news-site-analysisPublished on March 13th, 2014

The Center for Media Engagement examined a representative sample of 155 newspaper and television news websites in the United States to understand how they were using social media buttons, comment sections, online polls, lists of hyperlinks, and mobile versions.

The report shows that

  • Over 95% of news sites allow site visitors to “share,” “like,” or “recommend” news content on social media.
  • News sites let users “share” content via Facebook more than “like” or “recommend” the content.
  • Over 90% of news sites have a comment section.
  • Comment section codes of conduct appear on 33% of top television news and 74% of top newspaper sites.
  • Interactive polls appear more frequently on newspaper sites than on television news sites.
  • News sites rarely warn visitors that online poll results are not scientific.
  • Over two-thirds of news sites include links to related and recommended content.
  • Over 70% of news sites have links to their most popular content.  Of these sites, approximately three-fourths require scrolling before links to the most popular content are visible on the homepage.
  • Approximately 30% of local television news stations and top newspapers advertise a mobile app on their homepage, but not on the main page of their mobile site.


  • Natalie (Talia) Jomini Stroud

    Natalie (Talia) Jomini Stroud

    Natalie (Talia) Jomini Stroud (PhD, University of Pennsylvania) is the founding and current Director of the Center for Media Engagement and Associate Professor of Communication Studies and Journalism at the University of Texas at Austin. Her book, Niche News: The Politics of News Choice, received the Outstanding Book Award from the International Communication Association, and inspired the early development of the Center. Her research examines the use and effects of political news content.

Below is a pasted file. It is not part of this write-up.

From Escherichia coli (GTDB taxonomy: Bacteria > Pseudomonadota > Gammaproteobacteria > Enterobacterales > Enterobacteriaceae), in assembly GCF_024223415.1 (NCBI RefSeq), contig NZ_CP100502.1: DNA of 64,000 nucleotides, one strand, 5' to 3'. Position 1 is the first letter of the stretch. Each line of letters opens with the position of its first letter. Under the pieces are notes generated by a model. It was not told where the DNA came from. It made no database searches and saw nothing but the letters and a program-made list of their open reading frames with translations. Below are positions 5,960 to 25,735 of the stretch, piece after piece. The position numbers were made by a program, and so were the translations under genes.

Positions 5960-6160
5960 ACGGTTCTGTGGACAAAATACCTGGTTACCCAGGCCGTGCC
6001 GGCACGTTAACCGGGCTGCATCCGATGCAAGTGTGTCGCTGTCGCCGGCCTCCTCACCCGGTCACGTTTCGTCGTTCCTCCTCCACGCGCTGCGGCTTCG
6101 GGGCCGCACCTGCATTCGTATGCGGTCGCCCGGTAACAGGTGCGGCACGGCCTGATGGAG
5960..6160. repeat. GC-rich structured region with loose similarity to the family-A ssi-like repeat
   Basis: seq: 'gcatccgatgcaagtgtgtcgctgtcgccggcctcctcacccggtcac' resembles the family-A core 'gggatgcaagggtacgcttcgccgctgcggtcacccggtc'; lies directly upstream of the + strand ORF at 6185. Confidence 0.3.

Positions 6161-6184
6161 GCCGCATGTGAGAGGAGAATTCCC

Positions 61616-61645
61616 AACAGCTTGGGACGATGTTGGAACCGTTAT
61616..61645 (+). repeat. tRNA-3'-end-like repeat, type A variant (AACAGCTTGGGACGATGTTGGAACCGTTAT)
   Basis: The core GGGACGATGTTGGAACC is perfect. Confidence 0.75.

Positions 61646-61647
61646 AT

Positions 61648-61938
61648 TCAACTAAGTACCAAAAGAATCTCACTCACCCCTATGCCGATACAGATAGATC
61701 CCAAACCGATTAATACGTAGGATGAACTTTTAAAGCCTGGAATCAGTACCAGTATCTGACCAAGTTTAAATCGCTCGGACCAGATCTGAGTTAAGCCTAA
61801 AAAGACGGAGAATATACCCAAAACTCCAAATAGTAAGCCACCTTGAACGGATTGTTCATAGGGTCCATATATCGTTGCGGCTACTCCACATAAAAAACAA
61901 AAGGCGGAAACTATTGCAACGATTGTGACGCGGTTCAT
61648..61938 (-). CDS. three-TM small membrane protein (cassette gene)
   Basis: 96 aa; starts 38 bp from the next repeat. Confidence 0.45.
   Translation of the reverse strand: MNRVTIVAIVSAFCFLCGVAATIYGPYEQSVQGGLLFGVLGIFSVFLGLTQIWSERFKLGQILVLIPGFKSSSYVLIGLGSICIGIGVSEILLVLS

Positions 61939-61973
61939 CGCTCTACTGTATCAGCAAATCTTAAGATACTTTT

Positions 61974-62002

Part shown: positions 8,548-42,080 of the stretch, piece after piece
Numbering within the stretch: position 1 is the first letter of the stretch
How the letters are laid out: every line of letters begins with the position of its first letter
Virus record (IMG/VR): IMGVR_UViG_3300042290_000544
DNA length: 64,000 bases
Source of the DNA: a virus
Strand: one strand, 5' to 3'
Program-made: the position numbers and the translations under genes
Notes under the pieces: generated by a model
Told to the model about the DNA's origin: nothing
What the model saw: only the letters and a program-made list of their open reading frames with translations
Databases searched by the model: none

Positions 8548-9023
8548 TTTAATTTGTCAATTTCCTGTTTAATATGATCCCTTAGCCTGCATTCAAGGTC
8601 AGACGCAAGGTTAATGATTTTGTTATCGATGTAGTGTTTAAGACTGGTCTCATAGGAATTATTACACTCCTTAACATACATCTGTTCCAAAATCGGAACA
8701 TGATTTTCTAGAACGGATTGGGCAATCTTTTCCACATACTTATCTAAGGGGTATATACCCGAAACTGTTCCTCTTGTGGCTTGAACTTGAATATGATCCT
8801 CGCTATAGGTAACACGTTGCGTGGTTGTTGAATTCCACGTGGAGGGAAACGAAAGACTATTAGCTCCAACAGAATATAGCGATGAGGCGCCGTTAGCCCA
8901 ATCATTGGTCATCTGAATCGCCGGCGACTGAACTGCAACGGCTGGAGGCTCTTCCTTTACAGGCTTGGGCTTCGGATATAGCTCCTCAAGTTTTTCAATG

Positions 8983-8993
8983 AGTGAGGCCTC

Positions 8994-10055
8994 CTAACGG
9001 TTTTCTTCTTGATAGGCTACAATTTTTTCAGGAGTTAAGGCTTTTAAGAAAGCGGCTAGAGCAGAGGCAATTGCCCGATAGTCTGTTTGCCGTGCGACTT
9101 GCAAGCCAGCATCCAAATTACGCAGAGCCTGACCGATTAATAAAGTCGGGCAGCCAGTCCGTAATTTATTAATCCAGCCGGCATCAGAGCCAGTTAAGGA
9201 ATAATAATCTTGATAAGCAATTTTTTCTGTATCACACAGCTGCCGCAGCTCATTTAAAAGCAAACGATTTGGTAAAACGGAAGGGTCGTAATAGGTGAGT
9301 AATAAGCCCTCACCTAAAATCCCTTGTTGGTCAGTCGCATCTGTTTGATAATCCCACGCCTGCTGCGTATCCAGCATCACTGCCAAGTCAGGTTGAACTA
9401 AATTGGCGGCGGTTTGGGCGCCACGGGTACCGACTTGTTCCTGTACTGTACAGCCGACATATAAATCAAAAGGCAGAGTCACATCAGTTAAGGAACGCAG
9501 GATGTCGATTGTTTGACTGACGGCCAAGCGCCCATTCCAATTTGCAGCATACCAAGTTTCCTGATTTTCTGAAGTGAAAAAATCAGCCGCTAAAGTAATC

• Joshua Scacco

    Joshua Scacco
    Faculty Research Associate

    Joshua M. Scacco (PhD, The University of Texas at Austin) is an Assistant Professor of Media Theory & Politics in the Brian Lamb School of Communication at Purdue University. He also serves as a Research Associate for the Center for Media Engagement (CME). He is interested broadly in the communicative role elites and organizations, including political leaders, journalists, and news outlets, play in American political life.

  • Alex Curry

    Alex Curry
    Research Associate

    Alex Curry (MA, Brigham Young University) is a doctoral student in communication studies and an assistant instructor at the University of Texas at Austin. His research interests include political communication and civic engagement, and he is particularly interested in how politicians use their own personal involvement with sports as a way to connect with voters. From 2005 to 2010, he served as a writer for Governor Arnold Schwarzenegger. When he’s not studying, Alex enjoys hiking with his wife and four children.